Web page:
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Knowledge Management, Operational Research, Project Management

September Newsletter: The impact of organisational culture on project management

Summer is well and truly over and it’s time for the first of my Autumn Newsletters.  September seems to be a month of Conferences and I attended a really interesting presentation by Michelle Morris from Manchester Municipal University Business School at the OR Conference recently.  Michelle spoke about some of the people and organisational factors that can impact on project planning.  It’s a subject I’ve blogged about before; for example when discussing the role of a Project Management Office and the way that some organisations make project management so inaccessible for their people.

One of Michelle’s points was that although we tend to describe projects as being “unique” in that they are set up to deliver something that an organisation hasn’t done before, there is a second dimension to “uniqueness”: people.  Understanding the human element is therefore key to effective project planning.  Most project managers these days would interpret that as meaning “Stakeholder Management” and that’s certainly an area that features strongly in the workshops I run on Project Management.

However, the “human element” is much more than Stakeholder Management; it covers a range of factors:

          Organisational knowledge (politics, agendas, needs, culture, mission, goals)

          Lessons learnt (outcomes of previous projects: positive and negative)

          Intuition and perception (individuals’ experiences, gossip, personalities and prejudices)

All these were described as Organisation Intuition and if it’s possible to build an understanding of this range of factors they should be really helpful when planning or managing any project.  Such intuition, related to a specific business, industry or sector has an important role to play in project planning because it can help identify:

          Cultural bottlenecks (what works or doesn’t in this culture?)

          Conflicting interests

          Sources of passive or active resistance

          Issues of trust

          Variations in internal perceptions (e.g. between different Functions – back office vs. front office)

I felt the idea of “cultural bottlenecks” was particularly useful in the context of Project Management.  I’ve come across so many organisations where “Project Management” is seen as management jargon and process/ bureaucracy.  All too often the people who have to run or contribute to projects simply aren’t “mature” enough to be able to cope with what they see as project-speak.  As one client said “my team would rather poke themselves in the eye with a sharp stick than do a ‘Risk Analysis’ on their project”.  So much of my consulting time is spent helping clients’ understand the “maturity” of their people in relation to managing projects and improvement and then adapting an approach to managing projects successfully that fits with that starting point.  I’ve lost tack of the number of organisations that I’ve heard claim that PRINCE2 is a scalable project approach and then proceed to mandate the use of endless processes and paperwork, irrespective of the need!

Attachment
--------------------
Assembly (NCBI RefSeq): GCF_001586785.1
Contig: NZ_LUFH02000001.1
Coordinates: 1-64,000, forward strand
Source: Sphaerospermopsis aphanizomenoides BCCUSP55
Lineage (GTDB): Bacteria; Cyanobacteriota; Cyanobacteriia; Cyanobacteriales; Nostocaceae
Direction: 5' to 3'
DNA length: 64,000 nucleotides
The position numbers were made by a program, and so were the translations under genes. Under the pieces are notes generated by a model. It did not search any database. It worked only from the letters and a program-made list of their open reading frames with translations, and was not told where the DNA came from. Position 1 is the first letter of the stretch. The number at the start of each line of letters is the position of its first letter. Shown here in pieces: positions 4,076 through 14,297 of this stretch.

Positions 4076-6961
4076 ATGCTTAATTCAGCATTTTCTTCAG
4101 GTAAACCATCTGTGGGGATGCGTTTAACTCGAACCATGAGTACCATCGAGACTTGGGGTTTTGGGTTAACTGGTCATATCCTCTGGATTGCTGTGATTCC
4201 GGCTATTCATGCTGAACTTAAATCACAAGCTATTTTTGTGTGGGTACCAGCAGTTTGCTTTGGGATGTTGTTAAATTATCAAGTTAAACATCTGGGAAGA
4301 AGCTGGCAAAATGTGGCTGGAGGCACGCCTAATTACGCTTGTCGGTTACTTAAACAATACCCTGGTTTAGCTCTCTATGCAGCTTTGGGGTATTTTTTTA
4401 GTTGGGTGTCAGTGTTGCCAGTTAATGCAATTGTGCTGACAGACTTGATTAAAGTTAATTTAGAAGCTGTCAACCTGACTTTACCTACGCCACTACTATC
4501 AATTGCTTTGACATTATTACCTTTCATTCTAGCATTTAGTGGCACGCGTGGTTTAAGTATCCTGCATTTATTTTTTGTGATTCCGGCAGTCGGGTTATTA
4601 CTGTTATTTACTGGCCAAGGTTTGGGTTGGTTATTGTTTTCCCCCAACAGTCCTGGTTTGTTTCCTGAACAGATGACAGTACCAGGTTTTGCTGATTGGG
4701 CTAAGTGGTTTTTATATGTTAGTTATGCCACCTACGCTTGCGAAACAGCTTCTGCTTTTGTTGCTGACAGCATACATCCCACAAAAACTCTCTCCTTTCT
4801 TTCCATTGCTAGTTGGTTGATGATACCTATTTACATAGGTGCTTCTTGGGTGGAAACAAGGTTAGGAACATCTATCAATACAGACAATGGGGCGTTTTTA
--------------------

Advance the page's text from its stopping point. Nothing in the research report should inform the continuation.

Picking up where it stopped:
There is a good case to be made for capturing organisation intuition as a resource that can be used to aid planning of future projects.  Interestingly, from my point of view, this aligns closely with some of my previous writing on Knowledge Management.  Specifically, it raises the issue of tacit vs. explicit knowledge and the extent to which “knowledge” can be captured at all.

A key message in Michelle’s presentation was that if an organisation can capture and store such organisation intuition, it should be made available for future projects to improve planning and improve the chances of projects succeeding in a particular organisational context.  I completely agree with the view that organisation intuition is critical in planning (and managing) projects, but I’ve yet to come across a really good example of an organisation with a truly effective way to capture, store and use it. 

Another of the project-focused presentations at the same conference suggested that social networking tools such as blogs and Twitter-like chat could be the answer to stakeholder engagement when planning and managing a project.  That’s possibly correct, but it ignores the 90:9:1 Rule that I referred to in July’s Newsletter:  User participation in these online collaboration tools often more or less follows a 90-9-1 Rule:

  • 90% of users are lurkers (i.e. read, but don’t contribute)
  • 9% of users contribute from time to time, but other priorities dominate their time
  • 1% of users participate a lot and account for most contributions: it can seem as if they don’t “have a life” because they devote so much time to posting content, however relevant it may or may not be.


As always, there are no silver bullets for managing successful projects, but an understanding of organisation intuition and how it can be used seems like a practical reminder of how to approach improvement using projects.

My free e-book “Project Management for real people” shares more of my experience of what works.

Until next time, good luck with your improvement efforts.


Ian Seath




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